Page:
Prostate Cancer Coverage from Every Angle

Mediterranean Diet and Prostate Cancer–Related Fatigue

By: Anna Nowogrodzki
Posted: Wednesday, September 16, 2020

Following a modified Mediterranean-style diet with limited alcohol consumption appeared to improve cancer-related fatigue, quality of life, and weight in men with prostate cancer on androgen-deprivation therapy, according to a small pilot study. Olivia R.L. Wright, PhD, of the University of Queensland, Brisbane, Australia, and colleagues published their findings in Clinical Nutrition and recommended a larger randomized controlled trial to confirm these results.

“The Mediterranean-style dietary pattern is safe, feasible, and effective in improving cancer-related fatigue and quality of life in men with prostate cancer treated with androgen-deprivation therapy, compared to usual care,” the authors wrote.

The study included 23 men (average age, 66) with prostate cancer who received androgen-deprivation therapy for at least 3 months. The researchers randomly assigned patients to 12 weeks of regular care or 6 individualized nutrition consults with an accredited dietician and a Mediterranean diet. To determine diet adherence, patients answered a screening quiz with 14 yes-or-no questions about how frequently they ate food groups targeted by the Mediterranean diet. This diet limits saturated fat, red meat, and alcohol while eating fruit, vegetables, fish, dairy, nuts or seeds, and fiber. The Mediterranean diet commonly includes red wine, but this modified version sought to limit alcohol to no more than 2 units per week.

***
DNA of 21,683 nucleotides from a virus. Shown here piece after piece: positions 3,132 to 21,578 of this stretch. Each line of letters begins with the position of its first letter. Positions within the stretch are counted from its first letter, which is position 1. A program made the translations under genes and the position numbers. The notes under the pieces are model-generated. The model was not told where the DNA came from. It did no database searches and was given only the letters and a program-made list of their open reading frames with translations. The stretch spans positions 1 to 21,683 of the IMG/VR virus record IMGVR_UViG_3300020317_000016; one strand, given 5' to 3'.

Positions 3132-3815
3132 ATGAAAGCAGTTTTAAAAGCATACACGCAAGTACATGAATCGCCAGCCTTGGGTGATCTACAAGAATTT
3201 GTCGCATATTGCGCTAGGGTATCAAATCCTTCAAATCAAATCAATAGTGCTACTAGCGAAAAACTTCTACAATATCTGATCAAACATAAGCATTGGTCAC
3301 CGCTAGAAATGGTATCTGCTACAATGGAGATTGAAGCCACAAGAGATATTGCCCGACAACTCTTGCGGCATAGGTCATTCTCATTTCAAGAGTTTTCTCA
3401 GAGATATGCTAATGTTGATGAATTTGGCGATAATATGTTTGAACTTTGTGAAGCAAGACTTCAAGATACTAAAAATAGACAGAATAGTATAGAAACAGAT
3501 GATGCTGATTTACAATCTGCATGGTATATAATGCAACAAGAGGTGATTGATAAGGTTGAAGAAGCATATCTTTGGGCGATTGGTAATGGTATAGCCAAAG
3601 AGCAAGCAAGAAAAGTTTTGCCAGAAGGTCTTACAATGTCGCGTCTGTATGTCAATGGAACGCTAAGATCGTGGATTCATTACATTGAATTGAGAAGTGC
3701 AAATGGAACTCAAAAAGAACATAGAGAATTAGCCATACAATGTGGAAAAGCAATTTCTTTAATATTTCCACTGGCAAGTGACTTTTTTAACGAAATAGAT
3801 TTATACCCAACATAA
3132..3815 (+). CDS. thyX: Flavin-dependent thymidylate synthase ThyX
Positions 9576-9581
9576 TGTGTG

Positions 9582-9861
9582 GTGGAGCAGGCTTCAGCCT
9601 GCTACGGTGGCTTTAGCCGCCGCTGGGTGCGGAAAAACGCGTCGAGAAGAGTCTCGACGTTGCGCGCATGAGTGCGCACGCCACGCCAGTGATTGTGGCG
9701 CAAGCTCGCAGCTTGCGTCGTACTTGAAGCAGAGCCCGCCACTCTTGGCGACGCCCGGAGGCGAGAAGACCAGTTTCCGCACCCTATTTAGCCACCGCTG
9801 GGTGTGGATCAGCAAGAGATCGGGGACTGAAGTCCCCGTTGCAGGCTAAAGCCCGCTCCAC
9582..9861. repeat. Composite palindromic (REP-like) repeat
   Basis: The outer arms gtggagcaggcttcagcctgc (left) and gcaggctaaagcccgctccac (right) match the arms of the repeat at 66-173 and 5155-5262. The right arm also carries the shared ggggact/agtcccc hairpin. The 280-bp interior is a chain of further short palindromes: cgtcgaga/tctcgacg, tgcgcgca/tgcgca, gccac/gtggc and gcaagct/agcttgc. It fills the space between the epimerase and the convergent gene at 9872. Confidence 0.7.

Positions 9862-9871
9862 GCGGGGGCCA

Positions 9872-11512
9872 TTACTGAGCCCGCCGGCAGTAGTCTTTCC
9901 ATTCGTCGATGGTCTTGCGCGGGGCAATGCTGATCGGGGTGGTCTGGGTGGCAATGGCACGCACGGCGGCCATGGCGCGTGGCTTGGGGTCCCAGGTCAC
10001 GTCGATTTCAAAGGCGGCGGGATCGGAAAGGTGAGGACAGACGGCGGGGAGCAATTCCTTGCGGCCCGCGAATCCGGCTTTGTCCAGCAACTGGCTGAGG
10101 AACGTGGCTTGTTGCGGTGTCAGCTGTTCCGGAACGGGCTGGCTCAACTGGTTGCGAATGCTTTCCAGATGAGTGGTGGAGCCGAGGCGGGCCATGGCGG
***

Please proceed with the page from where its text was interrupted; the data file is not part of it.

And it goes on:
Patients on the Mediterranean diet had significantly improved cancer-related fatigue compared with the control group at both 8 and 12 weeks. Their quality of life was better at 12 weeks, and they had lower total body mass at 8 and 12 weeks. The Mediterranean diet did not appear to be associated with any adverse events. A total of 91% of patients completed the study, with 100% attendance at nutrition consultations and 81% diet adherence, according to the 14-question screen.

Disclosure: The study authors reported no conflicts of interest.

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